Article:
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The Single Most Important Trait You Need to Develop to Save, Repair, and Maintain a Relationship

The Single Most Important Trait You Need to Develop to Save, Repair, and Maintain a Relationship

Posted on September 5th, 2018 by Raffi Bilek, LCSW-C

Can it really be so simple? Is there really a Single Most Important key to relationships?  Yes and no.  Obviously there is no magic spell for fixing relationship problems or keep relationships vibrant and connected over the long term. There is certainly a lot of work involved.  But I believe that there is one trait, one mindset you need to have to pull it off, and I contend that all the other requirements start here.


That trait is humility.

People who are humble can admit that they are wrong.  They do not see mistakes or imperfections as assaults on their goodness as a person and thus have less trouble considering the possibility that they have been wrong.  People who are prideful and arrogant find it much more difficult to own up to a mistake, and thus will escalate a disagreement into an argument, a fight, and then an explosion in an effort to win and not be proven wrong.

People who are humble are able to accept the possibility that others don’t see things the way they do. Those lacking humility see the world the way they see it and then insist that that is the correct way of seeing it. The suggestion that someone else views the same objective facts but reaches a different conclusion implies a lack in themselves, which they will not countenance. Hence, once again, they stick to their guns, often at great cost.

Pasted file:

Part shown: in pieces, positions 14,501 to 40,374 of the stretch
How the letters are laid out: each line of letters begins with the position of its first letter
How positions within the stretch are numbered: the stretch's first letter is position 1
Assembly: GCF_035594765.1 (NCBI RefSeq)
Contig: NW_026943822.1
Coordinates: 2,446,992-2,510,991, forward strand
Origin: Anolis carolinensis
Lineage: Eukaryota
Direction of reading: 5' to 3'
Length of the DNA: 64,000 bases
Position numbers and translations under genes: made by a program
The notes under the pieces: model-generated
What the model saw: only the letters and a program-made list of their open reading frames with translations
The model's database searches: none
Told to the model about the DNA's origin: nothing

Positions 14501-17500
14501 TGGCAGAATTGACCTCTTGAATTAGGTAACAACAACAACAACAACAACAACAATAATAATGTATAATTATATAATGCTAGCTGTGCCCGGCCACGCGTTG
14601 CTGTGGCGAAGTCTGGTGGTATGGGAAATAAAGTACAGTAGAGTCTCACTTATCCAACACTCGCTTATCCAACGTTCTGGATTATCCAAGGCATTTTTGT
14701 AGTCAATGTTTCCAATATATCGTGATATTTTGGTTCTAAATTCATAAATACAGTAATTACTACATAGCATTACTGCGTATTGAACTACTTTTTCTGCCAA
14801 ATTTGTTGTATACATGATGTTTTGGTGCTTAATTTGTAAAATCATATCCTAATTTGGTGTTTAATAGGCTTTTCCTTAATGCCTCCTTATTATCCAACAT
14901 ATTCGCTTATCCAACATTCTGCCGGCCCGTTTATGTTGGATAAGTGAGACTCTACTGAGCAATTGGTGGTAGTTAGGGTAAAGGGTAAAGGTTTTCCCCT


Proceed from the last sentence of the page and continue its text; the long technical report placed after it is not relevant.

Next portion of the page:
People who are humble wish to listen to others and understand them.  If I am not the smartest, best, and rightest, then I can recognize that you might have something of value for me to hear. If I appreciate that you may have an alternative perspective that could be equally valid to mine, then I am willing to listen. An arrogant person believes his opinion is the most correct one, if not the only correct one, and thus doesn’t care to listen to the perspectives of others, because his only objective is to convince others of the rightness of his own position.


If you cannot admit wrong, cannot appreciate the perspectives of others, and aren’t interested in hearing the opinions of others, you are going to have an awfully difficult time building a solid relationship. On the other hand, if you are open to the possibility that you aren’t right all the time, recognize that your partner sees things different from you and put effort into listening to them and understanding where they’re coming from, you are off to a very good start.

In any relationship you’re in, you are 50% of it. Working on you is a very effective way to work on the relationship as a whole. I’d suggest that you’ll get the most bang for your buck if you strive to develop humility.  From that starting point you will find it much easier to attack some of the other problems you may be bringing to your relationships – whether it’s selfishness, anger, negativity, criticism, or any number of other ways we create our own problems – it all comes down to humility.

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